An important “natural law,” which is otherwise everywhere obeyed, is found to be broken in the atmosphere, which were it not broken would have prevented the introduction of life on the earth. This law is simply the law of gravity. Were it not superceded by the law of the diffusion of gases, the atmosphere would sort itself out so that the heavier gases would be at the bottom and the lighter gases at the top. The consequence of this for the earth would be a layer of carbon dioxide of sufficient depth that all life would soon cease. However, gravity is defied and this heavier gas diffuses through the other gases of the atmosphere so that free oxygen remains available at the earth’s surface so that all creatures that breathe are able to obtain energy and sustain life.
(2) The rate of revolution of the earth is just right for the continuous renewal of the atmosphere for animal life. Nothing gets too cold or too hot over most of its area, and plants have just sufficient times of light and of darkness to perform their function of regenerating the air. This is necessary since, according to Lawrence Henderson, the unique stability of carbon dioxide depends upon alternating light and darkness. (264)
(3) The distance from the sun determines the mean temperature of the atmosphere and the earth. The pliable materials of which living tissue is composed are made up of molecules whch retain their physical characteristics only within a comparatively small range of temperature variation. It appears that apart from the very exceptional properties of carbon in forming these long chainlike molecules, such structures as ourselves and all other plant forms would not be possible at all. It is only in a very restricted range of ternperature that these carbon compounds are stable. If the temperature becomes too cold, these chains become inflexible, and if the temperature beconres too high, they lose
264. Henderson, Lawrence, “The Fitness of the Environment: An Inquiry into the Biological Significance of the Properties of Matter,” quotcd hy K. Walker, in Meaning and Purpose, Penguin, London, 1950, p.102.
their bonds and disintegrate. The range of temperature within which living flesh can continue without artificial protection is quite small relative to the ranges of temperature which may exist on a body in space. Professor Frank Allen of the University of California commented on this: (265)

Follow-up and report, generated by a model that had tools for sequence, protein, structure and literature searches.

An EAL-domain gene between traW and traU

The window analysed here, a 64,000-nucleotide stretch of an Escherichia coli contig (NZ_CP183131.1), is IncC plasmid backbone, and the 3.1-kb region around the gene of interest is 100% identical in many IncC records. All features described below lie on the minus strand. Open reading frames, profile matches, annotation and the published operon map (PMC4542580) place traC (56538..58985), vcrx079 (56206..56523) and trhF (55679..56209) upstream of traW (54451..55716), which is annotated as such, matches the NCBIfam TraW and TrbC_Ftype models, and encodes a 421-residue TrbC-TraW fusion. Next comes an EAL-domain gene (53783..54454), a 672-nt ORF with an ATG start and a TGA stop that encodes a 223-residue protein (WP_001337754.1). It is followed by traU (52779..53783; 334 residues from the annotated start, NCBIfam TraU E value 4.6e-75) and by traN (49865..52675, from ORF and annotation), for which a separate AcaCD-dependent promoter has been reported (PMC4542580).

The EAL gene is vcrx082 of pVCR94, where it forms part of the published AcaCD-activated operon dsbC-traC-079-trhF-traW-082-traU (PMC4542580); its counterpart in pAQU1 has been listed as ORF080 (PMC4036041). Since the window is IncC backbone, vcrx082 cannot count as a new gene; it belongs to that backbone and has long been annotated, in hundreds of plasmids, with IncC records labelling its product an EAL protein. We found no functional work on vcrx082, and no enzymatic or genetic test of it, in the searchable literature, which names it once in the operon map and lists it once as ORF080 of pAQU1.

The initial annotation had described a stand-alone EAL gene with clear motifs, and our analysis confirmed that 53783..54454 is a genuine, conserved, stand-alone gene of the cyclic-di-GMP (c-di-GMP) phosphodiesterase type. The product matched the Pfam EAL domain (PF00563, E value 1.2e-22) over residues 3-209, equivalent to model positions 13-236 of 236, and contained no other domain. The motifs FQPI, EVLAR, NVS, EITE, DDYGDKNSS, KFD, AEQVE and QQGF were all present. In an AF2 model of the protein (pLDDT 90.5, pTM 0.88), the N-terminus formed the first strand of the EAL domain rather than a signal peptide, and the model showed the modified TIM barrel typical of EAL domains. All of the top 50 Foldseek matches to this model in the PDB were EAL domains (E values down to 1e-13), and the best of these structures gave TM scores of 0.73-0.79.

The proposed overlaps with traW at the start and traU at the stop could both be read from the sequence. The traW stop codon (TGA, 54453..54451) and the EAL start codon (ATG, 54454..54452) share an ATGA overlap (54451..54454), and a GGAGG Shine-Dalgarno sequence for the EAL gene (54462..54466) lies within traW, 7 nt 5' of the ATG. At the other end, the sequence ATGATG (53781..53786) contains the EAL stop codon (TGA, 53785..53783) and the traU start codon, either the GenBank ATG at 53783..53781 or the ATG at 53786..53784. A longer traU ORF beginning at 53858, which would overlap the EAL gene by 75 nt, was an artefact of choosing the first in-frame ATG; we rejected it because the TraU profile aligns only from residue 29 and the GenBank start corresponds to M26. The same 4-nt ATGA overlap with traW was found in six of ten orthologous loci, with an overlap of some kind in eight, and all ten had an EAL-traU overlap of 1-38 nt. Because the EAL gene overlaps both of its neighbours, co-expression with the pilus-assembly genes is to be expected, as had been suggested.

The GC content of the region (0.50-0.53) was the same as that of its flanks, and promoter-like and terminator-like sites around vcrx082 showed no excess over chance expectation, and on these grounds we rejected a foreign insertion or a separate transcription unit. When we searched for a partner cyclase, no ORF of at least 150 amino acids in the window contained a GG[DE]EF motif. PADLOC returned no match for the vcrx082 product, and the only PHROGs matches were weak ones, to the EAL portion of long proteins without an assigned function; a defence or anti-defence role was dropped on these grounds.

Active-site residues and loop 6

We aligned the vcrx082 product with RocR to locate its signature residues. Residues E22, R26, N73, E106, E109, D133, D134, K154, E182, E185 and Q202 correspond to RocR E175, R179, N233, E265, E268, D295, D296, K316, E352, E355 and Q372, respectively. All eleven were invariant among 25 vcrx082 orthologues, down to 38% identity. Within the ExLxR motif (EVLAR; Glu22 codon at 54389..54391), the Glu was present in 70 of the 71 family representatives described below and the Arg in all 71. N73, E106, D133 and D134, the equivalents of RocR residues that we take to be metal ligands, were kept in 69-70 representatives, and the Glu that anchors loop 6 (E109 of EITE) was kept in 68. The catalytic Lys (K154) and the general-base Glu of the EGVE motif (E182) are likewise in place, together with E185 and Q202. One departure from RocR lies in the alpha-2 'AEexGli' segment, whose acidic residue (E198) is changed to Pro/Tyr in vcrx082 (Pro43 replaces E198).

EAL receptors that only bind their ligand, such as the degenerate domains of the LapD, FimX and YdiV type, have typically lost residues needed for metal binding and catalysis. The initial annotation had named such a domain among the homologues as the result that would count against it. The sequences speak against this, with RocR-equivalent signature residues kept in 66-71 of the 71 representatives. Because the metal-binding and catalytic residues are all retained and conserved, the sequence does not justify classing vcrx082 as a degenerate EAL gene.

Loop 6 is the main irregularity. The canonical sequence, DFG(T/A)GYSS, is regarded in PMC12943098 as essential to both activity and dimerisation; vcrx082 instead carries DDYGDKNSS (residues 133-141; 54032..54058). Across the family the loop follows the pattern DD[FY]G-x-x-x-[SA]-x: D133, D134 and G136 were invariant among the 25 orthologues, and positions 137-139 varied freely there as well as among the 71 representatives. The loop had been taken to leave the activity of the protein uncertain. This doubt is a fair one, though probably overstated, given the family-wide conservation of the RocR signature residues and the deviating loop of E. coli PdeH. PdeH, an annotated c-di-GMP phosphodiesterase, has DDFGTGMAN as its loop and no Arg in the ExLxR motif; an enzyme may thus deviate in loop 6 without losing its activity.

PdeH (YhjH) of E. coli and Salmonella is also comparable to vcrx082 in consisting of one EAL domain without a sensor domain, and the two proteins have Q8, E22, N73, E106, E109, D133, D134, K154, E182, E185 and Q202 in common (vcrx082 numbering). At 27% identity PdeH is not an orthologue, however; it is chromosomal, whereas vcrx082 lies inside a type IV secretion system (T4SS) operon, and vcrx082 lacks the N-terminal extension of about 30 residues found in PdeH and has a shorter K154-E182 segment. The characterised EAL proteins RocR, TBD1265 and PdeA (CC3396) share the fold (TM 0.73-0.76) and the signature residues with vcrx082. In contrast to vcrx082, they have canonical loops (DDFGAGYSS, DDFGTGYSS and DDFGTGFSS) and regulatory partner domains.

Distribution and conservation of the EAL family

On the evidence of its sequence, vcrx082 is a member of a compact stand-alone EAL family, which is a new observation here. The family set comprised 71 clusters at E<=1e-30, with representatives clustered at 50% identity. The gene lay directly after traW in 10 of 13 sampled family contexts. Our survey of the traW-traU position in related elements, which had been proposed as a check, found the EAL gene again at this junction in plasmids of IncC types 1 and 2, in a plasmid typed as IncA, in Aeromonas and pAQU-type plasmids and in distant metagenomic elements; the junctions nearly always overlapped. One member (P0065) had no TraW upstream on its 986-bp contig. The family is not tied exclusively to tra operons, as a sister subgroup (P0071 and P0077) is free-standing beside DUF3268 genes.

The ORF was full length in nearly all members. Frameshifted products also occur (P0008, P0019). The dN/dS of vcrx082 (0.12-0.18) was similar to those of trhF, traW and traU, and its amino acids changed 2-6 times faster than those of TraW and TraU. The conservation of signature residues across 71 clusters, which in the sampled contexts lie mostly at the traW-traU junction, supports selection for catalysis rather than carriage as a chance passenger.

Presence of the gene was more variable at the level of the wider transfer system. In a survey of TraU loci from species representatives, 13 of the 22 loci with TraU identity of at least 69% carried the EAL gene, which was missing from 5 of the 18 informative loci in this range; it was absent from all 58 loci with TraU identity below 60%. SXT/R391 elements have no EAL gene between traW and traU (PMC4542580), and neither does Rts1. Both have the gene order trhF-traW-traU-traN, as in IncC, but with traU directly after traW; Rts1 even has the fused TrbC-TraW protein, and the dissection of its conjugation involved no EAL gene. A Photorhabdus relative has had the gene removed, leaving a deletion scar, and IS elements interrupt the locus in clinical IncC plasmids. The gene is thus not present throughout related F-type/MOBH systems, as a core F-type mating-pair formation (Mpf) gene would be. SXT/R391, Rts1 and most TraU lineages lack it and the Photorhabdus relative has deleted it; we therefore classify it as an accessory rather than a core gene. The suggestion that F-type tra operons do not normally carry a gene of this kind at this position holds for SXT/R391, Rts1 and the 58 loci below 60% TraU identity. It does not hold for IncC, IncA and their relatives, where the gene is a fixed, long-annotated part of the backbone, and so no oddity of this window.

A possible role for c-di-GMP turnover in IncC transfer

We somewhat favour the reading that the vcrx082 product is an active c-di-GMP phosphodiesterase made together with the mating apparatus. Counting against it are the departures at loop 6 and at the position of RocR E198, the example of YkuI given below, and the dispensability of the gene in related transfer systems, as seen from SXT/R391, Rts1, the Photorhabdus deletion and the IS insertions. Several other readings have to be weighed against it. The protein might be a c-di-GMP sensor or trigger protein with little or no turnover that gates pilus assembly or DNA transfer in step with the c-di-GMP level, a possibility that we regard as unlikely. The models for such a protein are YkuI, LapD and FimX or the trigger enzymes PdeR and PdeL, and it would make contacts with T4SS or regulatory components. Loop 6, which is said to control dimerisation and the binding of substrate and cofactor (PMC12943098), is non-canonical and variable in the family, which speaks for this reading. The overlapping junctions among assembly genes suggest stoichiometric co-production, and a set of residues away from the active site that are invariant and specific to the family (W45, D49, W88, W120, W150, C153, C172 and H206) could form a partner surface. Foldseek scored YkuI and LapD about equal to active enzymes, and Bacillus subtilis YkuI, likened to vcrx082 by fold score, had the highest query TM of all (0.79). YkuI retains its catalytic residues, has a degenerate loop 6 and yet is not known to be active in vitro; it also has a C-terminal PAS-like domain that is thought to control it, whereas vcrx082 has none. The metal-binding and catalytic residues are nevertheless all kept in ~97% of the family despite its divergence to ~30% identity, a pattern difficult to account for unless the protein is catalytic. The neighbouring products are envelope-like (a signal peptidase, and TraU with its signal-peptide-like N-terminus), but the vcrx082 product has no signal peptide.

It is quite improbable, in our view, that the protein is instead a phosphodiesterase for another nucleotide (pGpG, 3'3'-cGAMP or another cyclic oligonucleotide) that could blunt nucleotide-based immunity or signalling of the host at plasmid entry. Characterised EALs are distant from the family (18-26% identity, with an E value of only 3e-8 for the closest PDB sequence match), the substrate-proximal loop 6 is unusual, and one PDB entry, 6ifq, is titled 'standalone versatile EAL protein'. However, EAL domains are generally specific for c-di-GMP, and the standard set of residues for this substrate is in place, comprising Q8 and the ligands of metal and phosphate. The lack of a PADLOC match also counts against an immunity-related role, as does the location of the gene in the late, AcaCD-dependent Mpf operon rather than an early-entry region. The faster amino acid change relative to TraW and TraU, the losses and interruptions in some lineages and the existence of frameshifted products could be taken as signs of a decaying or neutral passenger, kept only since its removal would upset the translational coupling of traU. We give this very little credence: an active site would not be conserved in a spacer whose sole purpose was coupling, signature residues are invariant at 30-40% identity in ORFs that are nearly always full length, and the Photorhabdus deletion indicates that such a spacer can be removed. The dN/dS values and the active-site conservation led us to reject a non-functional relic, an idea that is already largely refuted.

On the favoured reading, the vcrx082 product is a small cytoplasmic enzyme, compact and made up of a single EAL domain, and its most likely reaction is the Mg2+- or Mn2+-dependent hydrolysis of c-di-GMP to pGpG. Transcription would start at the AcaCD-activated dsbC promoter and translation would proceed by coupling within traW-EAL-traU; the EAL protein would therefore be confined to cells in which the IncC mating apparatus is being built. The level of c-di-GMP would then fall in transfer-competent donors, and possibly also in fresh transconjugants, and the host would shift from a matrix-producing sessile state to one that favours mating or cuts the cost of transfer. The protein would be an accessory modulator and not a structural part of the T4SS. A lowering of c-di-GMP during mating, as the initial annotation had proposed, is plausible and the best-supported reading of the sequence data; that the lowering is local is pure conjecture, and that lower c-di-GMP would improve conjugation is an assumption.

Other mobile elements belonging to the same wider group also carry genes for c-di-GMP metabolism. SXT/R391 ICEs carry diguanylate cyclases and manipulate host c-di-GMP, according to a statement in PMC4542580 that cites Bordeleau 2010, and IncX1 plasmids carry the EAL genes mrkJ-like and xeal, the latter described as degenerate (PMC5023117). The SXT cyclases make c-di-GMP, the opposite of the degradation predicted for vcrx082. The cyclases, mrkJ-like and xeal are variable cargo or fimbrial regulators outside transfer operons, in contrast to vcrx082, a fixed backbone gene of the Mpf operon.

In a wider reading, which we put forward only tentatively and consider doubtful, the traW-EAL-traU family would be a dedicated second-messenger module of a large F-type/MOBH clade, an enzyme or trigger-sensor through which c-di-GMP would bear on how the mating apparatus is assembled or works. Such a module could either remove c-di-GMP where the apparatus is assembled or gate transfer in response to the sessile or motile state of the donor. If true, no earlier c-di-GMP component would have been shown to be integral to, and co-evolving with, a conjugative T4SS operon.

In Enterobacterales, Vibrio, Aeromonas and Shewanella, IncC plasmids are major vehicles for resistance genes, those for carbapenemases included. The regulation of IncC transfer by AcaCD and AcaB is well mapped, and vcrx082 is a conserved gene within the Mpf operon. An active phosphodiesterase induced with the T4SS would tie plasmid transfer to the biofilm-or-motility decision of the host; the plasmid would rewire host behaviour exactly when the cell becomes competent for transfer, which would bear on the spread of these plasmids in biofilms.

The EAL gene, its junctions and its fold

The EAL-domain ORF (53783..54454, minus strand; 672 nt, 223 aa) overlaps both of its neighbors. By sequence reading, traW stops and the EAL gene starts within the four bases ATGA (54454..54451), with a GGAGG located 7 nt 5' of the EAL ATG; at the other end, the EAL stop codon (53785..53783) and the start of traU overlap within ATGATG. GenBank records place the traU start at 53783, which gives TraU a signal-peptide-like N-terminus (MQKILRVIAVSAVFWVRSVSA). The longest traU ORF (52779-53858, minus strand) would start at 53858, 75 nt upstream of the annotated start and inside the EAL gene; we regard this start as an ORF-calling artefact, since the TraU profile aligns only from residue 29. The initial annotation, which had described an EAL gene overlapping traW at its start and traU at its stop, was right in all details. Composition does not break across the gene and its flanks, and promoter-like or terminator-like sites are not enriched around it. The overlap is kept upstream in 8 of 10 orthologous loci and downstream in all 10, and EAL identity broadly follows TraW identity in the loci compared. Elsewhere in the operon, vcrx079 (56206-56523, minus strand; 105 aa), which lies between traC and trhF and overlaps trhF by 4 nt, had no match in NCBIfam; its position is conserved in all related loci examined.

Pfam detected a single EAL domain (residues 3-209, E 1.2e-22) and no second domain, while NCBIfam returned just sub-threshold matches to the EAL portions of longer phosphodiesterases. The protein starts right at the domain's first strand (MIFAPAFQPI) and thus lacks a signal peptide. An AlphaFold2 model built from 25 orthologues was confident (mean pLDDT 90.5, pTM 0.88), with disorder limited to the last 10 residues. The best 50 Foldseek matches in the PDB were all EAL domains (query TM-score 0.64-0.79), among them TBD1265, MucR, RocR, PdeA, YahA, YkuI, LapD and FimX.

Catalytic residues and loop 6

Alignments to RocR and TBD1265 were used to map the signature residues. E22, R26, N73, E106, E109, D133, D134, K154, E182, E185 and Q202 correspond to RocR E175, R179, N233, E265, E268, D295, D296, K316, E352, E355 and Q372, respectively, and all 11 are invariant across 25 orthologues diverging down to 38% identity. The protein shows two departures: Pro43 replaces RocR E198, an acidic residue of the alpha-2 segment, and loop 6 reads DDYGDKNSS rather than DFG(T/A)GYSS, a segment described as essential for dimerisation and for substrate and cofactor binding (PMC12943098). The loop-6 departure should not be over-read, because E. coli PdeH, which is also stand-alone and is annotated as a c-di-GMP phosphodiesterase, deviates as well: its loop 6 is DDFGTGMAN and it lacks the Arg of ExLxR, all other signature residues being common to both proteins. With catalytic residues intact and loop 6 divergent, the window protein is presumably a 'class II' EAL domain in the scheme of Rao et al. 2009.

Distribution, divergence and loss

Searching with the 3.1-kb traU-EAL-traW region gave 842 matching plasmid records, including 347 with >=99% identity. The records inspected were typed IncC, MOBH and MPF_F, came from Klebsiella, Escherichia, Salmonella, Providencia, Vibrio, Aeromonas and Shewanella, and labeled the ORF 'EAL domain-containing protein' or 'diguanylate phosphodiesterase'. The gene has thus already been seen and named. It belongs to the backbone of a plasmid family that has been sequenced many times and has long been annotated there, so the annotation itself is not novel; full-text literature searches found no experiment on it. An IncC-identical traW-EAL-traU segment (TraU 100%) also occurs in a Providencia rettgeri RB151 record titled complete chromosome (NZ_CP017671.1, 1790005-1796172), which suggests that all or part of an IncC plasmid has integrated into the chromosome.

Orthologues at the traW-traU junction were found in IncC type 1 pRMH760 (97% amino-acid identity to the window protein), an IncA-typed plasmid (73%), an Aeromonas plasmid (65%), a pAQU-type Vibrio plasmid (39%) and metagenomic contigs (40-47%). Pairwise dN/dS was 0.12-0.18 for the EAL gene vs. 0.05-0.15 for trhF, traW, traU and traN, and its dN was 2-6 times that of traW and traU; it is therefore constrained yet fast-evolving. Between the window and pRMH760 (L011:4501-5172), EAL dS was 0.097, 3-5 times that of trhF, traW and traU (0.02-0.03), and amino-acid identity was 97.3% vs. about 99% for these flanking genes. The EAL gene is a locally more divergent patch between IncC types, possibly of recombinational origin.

If the earth were removed to double its present distance from the sun, the heat received would be reduced to one fourth its present amount, the orbital velocity would be only one half, the winter season would be doubled in length and life would be frozen out. If its solar distance were halved, the heat received would be four times as great, the orbital velocity would be doubled, seasons would be halved in length, if changes could ever be effected, and the planet would be too parched to sustain life. In size and distance from the sun, and in orbital velocity, the earth is able to sustain life, so that mankind can enjoy physical, intellectual, and spiritual life as it now prevails.
(4) The seasonal variations which take place throughout the year are very important for the continuance of human life and probably for the well-being of many other forms of life. Were it not for these changes, micro-organisms which cause diseases and which are favoured by certain environmental conditions would multiply so extensively that the human race might suffer extinction because of them. Man is not the only animal to suffer on this account. Consider what would happen to the mosquito population if the conditions ideal for their multiplication were to persist throughout the year all over the globe. Surgeon-General C. A. Gordon pointed out that not only does the persistence of a particular temperature and humidity have to be taken into account here, but even the length of the day. (266) The length of day, of course, is governed by the position of the earth with respect to the sun. In his paper, Gordon gives a chart showing the distribution throughout one year of some of the major diseases caused by these micro-organisms, thus indicating the benefit resulting from seasonal fluctuations. (267)
(5) The surface of the earth is part water and part dry land, in a ratio of approximately 3 to 1. The uniqueness of water has been pointed out by countless authorities. The existence of water
265. Allen, Frank, “The Origin of the World ï¿½ By Chance or Design?” in The Evidence of God in an Expanding Universe, edited by John C. Monsma, Putnam, New York, 1958, pp.22f.
266. Gordon, Surgeon-General C. A., “CIimate in Relation to Organic Nature,” Transactions of the Victoria Institute, London, vol.17, 1883, p.33f.
267. Ibid., pp.51, 52.
Water makes up perhaps 80 to 90% of all living organisms, and may be regarded as their principal environmental component, since even forms living in air maintain an aqueous internal environment in one way or another. Most of the water on the earth is in the liquid state, but it is also of importance as an environmental factor when in the vapour state and even as a solid.
Water seems admirably suited for the major role it plays in maintaining a relatively constant temperature for the earth’s surface, a matter of paramount importance to living organisms, which can serve only within a very restricted range of temperature. It owes this aspect of its fitness to several properties.